*Ilya Ehrenburg. Men, Years – Life, Transl. by Tatiana Shebunina and Yvonne Kapp, London, MacGibbon and Kee, p. 26.

** Ilya Ehrenburg. Men, Years – Life, Transl. by Tatiana Shebunina and Yvonne Kapp, London, MacGibbon and Kee, pp. 27-8.

 

Anita Pisch‘s new book, The personality cult of Stalin in Soviet posters, 1929 – 1953, is now available for free download through ANU Press open access, or to purchase in hard copy for $83. This lavishly illustrated book, featuring reproductions of over 130 posters, examines the way in which Stalin’s image in posters, symbolising the Bolshevik Party, the USSR state, and Bolshevik values and ideology, was used to create legitimacy for the Bolshevik government, to mobilise the population to make great sacrifices in order to industrialise and collectivise rapidly, and later to win the war, and to foster the development of a new type of Soviet person in a new utopian world.

Dr Anita Pisch’s website is www.anitapisch.com

stalin poster of the week 56: f. litvinov, raise the banner of lenin-stalin – the banner of our great victory!, 1949

Crimean Poster of worker/war hero with Lenin-Stalin banner by Litvinov, 1949

F. Litvinov (Литвинов, В.), Raise the banner of Lenin-Stalin – the banner of our great victory! (выше знамя Ленина-Сталина – знамя великих побед!), 1949

 

Stalin poster of the week is a weekly excursion into the fascinating world of propaganda posters of Iosif Stalin, leader of the USSR from 1929 until his death in 1953.

Here, Anita Pisch will showcase some of the most interesting Stalin posters, based on extensive research in the archives of the Russian State Library, and analyse what makes these images such successful propaganda.

Anita’s new, fully illustrated book, The personality cult of Stalin in Soviet posters, 1929 -1953, published by ANU Press, is available for free download here, and can also be purchased in hard copy from ANU Press.

This poster by F. Litvinov was published by the Crimean publishing house, Krymizdat, in 1949, four years after the Soviet victory in the Great Patriotic War (Second World War).

At this stage, the Crimea was part of the Russian Soviet Federative Socialist Republic. It was only in 1954, a year after Stalin’s death, that  the Crimean oblast was transferred to the Ukrainian SSR.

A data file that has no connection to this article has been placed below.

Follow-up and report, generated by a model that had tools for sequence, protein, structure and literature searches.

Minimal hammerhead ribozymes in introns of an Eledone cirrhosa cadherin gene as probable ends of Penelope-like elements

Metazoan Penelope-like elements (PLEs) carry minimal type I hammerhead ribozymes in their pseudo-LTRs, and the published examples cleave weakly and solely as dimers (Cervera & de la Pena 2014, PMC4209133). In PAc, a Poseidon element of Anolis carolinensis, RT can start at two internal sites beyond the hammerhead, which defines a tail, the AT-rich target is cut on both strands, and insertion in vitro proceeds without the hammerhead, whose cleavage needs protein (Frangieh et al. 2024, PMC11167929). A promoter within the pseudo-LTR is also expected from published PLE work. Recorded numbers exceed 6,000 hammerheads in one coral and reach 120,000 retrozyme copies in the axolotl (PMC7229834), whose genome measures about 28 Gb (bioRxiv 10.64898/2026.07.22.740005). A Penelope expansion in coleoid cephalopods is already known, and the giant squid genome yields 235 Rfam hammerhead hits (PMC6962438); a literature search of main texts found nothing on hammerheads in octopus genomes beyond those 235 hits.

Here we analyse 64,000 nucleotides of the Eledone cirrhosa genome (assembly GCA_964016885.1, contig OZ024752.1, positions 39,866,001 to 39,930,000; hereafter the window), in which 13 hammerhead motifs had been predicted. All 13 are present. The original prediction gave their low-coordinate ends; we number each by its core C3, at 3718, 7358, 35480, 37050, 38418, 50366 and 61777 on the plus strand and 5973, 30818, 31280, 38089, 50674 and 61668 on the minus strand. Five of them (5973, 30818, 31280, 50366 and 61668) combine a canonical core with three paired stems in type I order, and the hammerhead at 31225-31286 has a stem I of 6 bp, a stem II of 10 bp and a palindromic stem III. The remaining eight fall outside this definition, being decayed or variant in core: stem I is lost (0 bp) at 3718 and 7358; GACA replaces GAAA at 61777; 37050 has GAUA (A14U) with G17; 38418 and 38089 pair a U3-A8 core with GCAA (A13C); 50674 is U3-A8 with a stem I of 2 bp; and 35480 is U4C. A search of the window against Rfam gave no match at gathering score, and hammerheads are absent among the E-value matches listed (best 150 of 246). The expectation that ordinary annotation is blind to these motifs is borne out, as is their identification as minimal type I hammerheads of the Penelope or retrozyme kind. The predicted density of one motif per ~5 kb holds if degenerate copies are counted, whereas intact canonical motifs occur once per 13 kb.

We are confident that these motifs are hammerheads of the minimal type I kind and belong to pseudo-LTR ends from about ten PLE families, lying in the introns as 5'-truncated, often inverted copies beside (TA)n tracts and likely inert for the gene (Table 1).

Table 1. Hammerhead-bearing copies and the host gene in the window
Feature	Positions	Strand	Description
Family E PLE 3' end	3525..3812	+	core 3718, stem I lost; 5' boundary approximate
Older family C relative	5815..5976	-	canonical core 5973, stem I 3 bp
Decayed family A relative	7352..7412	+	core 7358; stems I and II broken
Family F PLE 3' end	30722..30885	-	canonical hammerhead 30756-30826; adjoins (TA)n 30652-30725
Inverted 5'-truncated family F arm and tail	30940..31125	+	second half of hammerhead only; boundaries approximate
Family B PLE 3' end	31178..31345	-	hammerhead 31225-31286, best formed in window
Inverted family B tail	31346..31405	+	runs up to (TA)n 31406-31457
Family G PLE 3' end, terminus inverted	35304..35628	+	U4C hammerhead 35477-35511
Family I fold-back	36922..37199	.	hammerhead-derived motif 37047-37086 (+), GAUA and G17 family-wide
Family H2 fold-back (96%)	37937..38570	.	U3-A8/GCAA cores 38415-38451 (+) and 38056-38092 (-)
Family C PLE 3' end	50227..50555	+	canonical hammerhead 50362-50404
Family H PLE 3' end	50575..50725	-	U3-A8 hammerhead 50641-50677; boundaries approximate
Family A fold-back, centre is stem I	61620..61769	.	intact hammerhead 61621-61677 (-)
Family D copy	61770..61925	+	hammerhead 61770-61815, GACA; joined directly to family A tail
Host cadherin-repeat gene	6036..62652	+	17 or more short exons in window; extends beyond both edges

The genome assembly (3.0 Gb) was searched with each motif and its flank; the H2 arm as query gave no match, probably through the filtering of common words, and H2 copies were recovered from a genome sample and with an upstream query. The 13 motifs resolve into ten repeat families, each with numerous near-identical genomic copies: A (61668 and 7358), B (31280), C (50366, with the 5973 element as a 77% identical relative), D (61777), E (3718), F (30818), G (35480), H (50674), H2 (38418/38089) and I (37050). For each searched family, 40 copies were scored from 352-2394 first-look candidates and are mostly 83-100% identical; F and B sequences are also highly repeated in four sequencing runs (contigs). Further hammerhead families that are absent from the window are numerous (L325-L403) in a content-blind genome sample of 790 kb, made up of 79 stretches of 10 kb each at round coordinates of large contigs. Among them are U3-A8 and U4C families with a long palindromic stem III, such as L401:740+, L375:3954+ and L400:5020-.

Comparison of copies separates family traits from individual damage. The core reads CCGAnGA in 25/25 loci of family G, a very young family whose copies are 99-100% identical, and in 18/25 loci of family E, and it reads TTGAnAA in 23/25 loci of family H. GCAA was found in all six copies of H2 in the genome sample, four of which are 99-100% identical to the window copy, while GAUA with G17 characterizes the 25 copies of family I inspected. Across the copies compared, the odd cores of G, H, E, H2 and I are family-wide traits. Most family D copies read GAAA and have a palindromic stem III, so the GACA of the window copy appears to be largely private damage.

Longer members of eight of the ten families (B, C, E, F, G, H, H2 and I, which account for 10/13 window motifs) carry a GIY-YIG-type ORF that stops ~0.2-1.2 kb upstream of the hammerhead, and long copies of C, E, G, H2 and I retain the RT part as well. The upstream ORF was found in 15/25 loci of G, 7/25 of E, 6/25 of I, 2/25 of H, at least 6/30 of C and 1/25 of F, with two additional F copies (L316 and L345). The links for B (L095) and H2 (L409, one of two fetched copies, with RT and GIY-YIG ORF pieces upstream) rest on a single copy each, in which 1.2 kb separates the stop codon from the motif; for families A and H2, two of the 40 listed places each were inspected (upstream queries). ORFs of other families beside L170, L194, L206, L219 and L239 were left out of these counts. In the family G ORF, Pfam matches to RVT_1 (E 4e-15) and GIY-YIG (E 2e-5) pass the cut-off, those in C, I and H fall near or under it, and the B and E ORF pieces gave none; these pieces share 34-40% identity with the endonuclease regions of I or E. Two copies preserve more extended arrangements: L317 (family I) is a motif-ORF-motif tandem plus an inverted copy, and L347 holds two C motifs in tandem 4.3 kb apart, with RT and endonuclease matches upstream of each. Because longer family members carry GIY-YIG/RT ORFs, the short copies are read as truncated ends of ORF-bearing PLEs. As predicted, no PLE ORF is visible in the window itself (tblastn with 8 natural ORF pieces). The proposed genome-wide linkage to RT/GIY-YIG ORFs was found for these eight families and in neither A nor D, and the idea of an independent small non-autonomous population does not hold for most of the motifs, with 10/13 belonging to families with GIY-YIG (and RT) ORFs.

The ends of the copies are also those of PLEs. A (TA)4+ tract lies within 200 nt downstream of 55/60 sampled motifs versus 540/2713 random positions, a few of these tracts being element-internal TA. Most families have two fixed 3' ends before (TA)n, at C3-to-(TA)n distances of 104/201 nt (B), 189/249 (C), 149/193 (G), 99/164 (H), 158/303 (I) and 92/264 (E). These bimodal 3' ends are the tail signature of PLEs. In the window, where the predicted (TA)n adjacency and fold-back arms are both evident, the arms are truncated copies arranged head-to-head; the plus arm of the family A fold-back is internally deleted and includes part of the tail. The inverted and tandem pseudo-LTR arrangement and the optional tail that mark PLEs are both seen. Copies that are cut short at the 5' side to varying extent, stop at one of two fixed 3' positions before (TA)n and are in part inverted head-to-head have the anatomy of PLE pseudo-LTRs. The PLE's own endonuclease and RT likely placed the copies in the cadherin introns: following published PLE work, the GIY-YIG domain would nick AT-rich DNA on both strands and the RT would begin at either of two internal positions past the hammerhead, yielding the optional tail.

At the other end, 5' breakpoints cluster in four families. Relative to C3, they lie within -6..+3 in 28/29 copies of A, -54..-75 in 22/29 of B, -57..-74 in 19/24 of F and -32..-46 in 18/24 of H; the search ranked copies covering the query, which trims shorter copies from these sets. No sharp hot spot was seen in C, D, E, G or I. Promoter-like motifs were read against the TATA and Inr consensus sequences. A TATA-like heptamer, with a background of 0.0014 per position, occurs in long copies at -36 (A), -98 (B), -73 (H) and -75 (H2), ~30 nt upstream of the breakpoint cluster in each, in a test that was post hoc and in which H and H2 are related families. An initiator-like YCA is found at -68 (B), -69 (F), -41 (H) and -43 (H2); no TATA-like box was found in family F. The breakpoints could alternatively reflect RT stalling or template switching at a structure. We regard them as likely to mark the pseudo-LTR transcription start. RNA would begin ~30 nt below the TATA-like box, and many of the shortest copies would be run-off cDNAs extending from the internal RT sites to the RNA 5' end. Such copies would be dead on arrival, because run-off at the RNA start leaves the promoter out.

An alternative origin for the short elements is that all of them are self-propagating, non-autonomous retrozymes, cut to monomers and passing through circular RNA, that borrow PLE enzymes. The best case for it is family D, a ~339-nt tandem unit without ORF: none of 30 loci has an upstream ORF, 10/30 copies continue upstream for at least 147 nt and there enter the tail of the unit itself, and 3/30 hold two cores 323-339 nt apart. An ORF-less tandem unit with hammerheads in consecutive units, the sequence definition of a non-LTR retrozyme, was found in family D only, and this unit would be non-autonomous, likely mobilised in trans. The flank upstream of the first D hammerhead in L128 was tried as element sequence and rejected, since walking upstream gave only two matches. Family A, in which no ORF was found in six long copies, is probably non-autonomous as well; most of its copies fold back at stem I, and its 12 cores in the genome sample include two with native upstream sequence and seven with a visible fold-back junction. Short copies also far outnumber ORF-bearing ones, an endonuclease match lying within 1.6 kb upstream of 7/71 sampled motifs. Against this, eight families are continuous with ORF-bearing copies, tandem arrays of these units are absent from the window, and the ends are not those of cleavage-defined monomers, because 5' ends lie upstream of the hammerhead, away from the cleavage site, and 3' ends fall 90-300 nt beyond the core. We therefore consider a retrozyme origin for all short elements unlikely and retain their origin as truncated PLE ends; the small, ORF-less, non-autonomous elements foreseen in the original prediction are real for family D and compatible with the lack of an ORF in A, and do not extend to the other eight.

The poster grants credit for the war victory to the protective banner of Lenin and Stalin, who form the hyphenated identity of Lenin-Stalin, with Stalin now portrayed as a joint leader of the 1917 October Revolution.

 

1949 Crimean poster of Lenin and Stalin by F. Litvinov

This Crimean war hero acknowledges the inspirational role of the banner of Lenin-Stalin in the Soviet victory

 

A young man in civilian clothing, wearing the Order of the Patriotic War medal (awarded to all soldiers in the Soviet Armed Forces, security troops and partisans who participated in the Great Patriotic War) waves a huge banner that ripples like the winds of inspiration through the sky over a crowd of people stretching back to the horizon.

The young man, in greyscale except for his military decorations, is symbolic of the Soviet people as a whole, also in greyscale. The text of the poster reads

Raise the banner of Lenin-Stalin – the banner of our great victory!

 

1949 Crimean poster of Lenin and Stalin by F. Litvinov

Lenin, man of words, and Stalin, man of deeds, are illuminated by divine white light as they look back on a glorious military past.

 

Merged into the fabric of the banner are the profile heads of Lenin and Stalin, Lenin in shirt and tie, Stalin with military collar. Both are illuminated by a divine white light and all three figures in the poster look out to the viewer’s left.

The focus of this poster is firmly on the glorious military past.

Anita Pisch‘s new book, The personality cult of Stalin in Soviet posters, 1929 – 1953, is now available for free download through ANU Press open access, or to purchase in hard copy for $83. This lavishly illustrated book, featuring reproductions of over 130 posters, examines the way in which Stalin’s image in posters, symbolising the Bolshevik Party, the USSR state, and Bolshevik values and ideology, was used to create legitimacy for the Bolshevik government, to mobilise the population to make great sacrifices in order to industrialise and collectivise rapidly, and later to win the war, and to foster the development of a new type of Soviet person in a new utopian world.

Dr Anita Pisch’s website is www.anitapisch.com